In linear algebra, one associates a polynomial to every square matrix: its characteristic polynomial. This polynomial encodes several important properties of the matrix, most notably its eigenvalues, its determinant and its trace....
, depend solely on the field element x and not on the basis. In particular, the trace of the matrix A(x) is called the trace
Field trace
In mathematics, the field trace is a function defined with respect to a finite field extension L/K. It is a Klinear map from L to K...
of the field element x and denoted Tr(x), and the determinant is called the norm
Field norm
In mathematics, the norm is a mapping defined in field theory, to map elements of a larger field into a smaller one.Formal definitions:1. Let K be a field and L a finite extension of K...
of x and denoted N(x).
By definition, standard properties of traces and determinants of matrices carry over to Tr and N: Tr(x) is a linear function
Linear function
In mathematics, the term linear function can refer to either of two different but related concepts:* a firstdegree polynomial function of one variable;* a map between two vector spaces that preserves vector addition and scalar multiplication....
of x, as expressed by Tr(x + y) = Tr(x) + Tr(y), Tr(λx) = λ Tr(x), and the norm is a multiplicative homogeneous function
Homogeneous function
In mathematics, a homogeneous function is a function with multiplicative scaling behaviour: if the argument is multiplied by a factor, then the result is multiplied by some power of this factor. More precisely, if is a function between two vector spaces over a field F, and k is an integer, then...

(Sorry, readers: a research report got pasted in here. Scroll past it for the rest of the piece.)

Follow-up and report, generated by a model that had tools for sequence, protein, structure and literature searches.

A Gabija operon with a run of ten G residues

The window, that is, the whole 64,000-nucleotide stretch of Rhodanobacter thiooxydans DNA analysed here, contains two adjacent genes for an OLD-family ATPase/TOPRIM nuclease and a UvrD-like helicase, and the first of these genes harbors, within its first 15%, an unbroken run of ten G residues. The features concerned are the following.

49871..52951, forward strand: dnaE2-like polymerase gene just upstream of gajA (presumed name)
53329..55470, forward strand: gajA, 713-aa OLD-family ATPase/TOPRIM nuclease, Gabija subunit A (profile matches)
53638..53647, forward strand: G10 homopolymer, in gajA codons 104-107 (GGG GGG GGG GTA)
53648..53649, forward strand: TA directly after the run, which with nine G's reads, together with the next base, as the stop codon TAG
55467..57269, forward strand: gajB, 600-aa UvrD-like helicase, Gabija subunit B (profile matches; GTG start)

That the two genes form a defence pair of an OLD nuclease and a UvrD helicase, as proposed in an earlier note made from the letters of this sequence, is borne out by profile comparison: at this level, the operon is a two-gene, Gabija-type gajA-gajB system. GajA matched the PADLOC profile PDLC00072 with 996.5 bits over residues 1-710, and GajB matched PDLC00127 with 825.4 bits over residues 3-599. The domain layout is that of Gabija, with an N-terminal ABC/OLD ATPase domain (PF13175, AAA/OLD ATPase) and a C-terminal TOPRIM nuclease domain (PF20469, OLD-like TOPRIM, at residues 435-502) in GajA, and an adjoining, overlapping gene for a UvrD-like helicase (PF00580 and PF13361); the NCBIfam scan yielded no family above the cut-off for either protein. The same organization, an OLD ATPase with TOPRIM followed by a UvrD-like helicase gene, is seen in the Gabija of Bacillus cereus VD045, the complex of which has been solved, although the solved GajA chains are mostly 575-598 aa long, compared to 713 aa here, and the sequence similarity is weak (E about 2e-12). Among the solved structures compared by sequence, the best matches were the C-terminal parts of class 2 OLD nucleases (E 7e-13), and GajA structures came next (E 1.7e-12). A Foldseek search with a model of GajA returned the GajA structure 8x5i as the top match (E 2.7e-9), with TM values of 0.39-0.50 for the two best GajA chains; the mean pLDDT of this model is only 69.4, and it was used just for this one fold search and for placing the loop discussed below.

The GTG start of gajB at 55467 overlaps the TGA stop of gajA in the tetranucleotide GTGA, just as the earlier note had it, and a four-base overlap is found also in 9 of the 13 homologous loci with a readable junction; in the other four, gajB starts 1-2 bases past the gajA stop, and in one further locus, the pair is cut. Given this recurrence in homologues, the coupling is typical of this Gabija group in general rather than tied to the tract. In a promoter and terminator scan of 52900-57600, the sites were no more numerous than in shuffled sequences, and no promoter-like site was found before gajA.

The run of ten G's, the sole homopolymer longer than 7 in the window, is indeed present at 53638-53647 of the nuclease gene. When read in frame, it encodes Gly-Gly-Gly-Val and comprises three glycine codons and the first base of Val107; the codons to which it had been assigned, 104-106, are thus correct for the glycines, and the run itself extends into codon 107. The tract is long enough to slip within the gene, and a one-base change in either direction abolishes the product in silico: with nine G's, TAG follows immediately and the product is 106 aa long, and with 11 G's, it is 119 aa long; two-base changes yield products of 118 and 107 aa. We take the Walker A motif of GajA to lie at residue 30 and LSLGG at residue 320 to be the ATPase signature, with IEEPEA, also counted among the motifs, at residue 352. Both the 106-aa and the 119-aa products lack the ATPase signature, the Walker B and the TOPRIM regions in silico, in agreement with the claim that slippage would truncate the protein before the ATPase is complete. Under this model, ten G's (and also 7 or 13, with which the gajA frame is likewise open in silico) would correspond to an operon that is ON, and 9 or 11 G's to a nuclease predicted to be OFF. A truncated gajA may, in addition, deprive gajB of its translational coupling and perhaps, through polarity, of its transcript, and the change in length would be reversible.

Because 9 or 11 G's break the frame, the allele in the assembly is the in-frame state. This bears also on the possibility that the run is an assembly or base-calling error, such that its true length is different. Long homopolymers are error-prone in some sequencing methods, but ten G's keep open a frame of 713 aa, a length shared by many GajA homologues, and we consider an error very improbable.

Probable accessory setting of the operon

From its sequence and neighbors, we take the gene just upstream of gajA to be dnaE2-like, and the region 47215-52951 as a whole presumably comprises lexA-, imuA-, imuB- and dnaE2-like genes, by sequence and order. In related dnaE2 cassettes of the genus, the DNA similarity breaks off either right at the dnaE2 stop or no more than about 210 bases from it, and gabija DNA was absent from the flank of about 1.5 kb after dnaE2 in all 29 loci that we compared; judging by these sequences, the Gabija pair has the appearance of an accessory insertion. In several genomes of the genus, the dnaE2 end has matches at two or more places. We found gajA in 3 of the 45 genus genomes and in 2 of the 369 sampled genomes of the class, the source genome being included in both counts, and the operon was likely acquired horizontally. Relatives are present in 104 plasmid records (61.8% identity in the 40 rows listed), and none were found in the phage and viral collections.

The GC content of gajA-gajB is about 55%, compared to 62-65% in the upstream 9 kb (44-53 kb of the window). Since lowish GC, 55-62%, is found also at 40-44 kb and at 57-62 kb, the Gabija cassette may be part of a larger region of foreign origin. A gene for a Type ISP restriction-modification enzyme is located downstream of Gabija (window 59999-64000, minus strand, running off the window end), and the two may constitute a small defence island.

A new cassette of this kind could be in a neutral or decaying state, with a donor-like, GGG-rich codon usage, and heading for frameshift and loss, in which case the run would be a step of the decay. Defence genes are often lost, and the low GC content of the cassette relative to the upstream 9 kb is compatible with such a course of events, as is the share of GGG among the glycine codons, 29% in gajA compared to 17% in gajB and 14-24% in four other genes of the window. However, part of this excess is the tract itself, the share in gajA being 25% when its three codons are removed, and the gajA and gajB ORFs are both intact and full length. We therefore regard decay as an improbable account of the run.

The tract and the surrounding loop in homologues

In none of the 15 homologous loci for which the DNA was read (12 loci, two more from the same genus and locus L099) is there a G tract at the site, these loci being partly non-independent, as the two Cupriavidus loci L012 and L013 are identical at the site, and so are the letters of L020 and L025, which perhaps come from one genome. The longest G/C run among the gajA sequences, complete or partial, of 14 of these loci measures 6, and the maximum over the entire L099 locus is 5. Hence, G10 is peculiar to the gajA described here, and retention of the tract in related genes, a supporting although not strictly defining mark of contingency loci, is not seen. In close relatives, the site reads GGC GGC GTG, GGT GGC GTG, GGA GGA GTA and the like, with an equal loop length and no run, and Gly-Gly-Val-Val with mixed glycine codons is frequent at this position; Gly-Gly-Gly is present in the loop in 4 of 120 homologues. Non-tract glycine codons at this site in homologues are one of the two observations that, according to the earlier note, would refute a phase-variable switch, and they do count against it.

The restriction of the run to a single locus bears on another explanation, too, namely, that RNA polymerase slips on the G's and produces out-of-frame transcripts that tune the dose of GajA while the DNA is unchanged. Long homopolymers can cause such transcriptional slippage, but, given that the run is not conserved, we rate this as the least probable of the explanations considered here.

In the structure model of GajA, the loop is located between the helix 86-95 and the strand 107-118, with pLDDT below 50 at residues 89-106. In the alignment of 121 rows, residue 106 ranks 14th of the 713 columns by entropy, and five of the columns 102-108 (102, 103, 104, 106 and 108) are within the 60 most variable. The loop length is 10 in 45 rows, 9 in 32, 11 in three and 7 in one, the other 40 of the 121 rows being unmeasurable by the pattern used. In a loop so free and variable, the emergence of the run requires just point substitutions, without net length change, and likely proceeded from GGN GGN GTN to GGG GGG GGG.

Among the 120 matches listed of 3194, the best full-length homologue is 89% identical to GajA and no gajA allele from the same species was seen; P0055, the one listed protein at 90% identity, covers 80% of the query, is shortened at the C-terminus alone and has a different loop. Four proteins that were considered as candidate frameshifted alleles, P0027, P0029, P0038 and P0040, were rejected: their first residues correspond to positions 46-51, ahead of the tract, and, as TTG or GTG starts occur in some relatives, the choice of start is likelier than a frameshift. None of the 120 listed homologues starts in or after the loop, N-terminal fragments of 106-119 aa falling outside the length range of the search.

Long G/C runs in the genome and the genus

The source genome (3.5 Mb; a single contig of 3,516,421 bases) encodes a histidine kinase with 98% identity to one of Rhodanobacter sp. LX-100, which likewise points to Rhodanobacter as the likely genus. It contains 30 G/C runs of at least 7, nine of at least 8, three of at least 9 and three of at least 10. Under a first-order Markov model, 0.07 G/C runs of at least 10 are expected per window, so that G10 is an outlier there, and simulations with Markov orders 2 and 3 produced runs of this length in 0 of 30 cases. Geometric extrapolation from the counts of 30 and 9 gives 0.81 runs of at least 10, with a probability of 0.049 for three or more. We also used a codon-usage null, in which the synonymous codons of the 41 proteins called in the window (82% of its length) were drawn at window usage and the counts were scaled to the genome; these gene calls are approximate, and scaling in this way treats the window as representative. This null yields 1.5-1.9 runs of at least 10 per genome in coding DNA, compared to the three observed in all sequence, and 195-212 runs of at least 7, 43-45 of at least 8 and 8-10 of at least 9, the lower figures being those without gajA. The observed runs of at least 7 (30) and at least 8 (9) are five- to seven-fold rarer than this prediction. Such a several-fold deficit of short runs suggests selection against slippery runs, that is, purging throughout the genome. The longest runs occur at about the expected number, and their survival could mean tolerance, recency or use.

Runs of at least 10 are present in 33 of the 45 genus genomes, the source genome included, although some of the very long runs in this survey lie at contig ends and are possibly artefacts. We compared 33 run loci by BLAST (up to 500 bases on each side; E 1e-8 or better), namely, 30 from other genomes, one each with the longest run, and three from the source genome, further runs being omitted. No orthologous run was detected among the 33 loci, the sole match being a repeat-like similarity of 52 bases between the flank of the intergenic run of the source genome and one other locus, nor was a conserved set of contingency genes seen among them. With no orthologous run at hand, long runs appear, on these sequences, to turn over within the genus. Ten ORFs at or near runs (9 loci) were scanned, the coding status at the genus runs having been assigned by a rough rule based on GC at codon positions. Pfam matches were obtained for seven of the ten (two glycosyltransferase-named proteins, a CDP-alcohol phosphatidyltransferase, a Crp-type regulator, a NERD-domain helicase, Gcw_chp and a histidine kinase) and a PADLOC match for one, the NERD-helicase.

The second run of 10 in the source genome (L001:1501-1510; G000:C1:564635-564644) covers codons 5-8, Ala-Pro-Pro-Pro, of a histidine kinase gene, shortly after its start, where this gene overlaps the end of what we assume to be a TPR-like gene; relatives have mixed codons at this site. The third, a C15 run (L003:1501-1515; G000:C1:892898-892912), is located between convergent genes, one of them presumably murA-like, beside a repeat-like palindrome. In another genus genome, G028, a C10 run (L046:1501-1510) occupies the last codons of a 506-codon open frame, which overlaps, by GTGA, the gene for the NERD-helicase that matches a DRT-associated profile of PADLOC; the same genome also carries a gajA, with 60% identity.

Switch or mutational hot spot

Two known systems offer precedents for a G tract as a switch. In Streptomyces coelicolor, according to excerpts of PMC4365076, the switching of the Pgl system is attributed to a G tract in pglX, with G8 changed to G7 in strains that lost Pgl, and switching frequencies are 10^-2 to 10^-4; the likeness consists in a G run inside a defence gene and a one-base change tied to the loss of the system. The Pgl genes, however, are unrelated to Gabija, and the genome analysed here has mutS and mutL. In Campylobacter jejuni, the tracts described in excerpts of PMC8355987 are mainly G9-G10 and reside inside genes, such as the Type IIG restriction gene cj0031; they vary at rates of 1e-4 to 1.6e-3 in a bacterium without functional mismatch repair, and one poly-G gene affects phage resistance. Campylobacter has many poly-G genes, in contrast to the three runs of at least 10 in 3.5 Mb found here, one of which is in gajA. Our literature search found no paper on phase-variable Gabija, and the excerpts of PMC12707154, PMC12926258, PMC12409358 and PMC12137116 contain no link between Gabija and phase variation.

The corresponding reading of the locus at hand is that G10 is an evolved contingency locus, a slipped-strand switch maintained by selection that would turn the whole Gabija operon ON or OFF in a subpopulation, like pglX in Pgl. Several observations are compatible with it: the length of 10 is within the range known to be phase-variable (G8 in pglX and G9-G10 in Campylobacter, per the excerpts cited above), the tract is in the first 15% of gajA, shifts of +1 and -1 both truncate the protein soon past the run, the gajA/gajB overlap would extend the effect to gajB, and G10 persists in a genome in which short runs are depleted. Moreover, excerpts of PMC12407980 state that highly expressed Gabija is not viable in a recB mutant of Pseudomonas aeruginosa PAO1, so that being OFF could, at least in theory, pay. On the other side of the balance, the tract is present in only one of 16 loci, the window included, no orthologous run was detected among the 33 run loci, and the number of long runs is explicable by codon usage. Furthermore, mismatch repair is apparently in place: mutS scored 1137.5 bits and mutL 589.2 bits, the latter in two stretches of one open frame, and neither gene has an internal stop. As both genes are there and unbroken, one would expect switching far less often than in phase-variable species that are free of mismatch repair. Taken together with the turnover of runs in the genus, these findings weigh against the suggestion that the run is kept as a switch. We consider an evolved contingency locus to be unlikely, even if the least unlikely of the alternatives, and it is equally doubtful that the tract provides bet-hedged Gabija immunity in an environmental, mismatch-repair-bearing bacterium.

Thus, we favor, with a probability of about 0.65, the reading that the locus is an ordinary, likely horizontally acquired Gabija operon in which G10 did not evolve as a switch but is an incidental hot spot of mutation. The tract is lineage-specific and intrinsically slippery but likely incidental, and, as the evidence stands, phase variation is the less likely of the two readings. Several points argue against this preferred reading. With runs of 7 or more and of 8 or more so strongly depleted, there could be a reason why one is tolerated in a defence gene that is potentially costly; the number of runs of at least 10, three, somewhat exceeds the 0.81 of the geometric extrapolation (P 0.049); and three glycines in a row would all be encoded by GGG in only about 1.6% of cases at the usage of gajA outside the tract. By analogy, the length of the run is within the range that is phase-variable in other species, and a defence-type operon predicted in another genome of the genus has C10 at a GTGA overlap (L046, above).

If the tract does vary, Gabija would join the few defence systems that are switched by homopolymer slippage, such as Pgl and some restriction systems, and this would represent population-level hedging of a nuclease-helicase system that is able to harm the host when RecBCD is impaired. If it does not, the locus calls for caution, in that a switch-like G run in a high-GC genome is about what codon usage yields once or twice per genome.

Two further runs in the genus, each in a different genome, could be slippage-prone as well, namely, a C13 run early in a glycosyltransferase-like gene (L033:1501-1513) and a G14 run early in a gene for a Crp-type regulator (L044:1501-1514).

of degree n: N(xy) = N(x) N(y), N(λx) = λ^{n} N(x). Here λ is a rational number, and x, y are any two elements of F.
The trace form derives is a bilinear form defined by means of the trace, as Tr(x y). The integral trace form, an integervalued symmetric matrix is defined as t_{ij} = Tr(b_{i}b_{j}), where b_{1}, ..., b_{n} is an integral basis for F. The discriminant
Discriminant of an algebraic number field
In mathematics, the discriminant of an algebraic number field is a numerical invariant that, loosely speaking, measures the size of the algebraic number field...
of F is defined as det(t). It is an integer, and is an invariant property of the field F, not depending on the choice of integral basis.
The matrix associated to an element x of F can also be used to give other, equivalent descriptions of algebraic integers. An element x of F is an algebraic integer if and only if the characteristic polynomial p_{A} of the matrix A associated to x is a monic polynomial with integer coefficients. Suppose that the matrix A that represents an element x has integer entries in some basis e. By the Cayley–Hamilton theorem
Cayley–Hamilton theorem
In linear algebra, the Cayley–Hamilton theorem states that every square matrix over a commutative ring satisfies its own characteristic equation....
, p_{A}(A) = 0, and it follows that p_{A}(x) = 0, so that x is an algebraic integer. Conversely, if x is an element of F which is a root of a monic polynomial with integer coefficients then the same property holds for the corresponding matrix A. In this case it can be proven that A is an integer matrix
Integer matrix
In mathematics, an integer matrix is a matrix whose entries are all integers. Examples include binary matrices, the zero matrix, the unit matrix, and the adjacency matrices used in graph theory, amongst many others...
in a suitable basis of F. Note that the property of being an algebraic integer is defined in a way that is independent of a choice of a basis in F.
Example
Consider F = Q(x), where x satisfies x^{3} − 11x^{2} + x + 1 = 0. Then an integral basis is [1, x, 1/2(x^{2} + 1)], and the corresponding integral trace form isThe "3" in the upper left hand corner of this matrix is the trace of the matrix of the map defined by the first basis element (1) in the regular representation of F on F. This basis element induces the identity map on the 3dimensional vector space, F. The trace of the matrix of the identity map on a 3dimensional vector space is 3.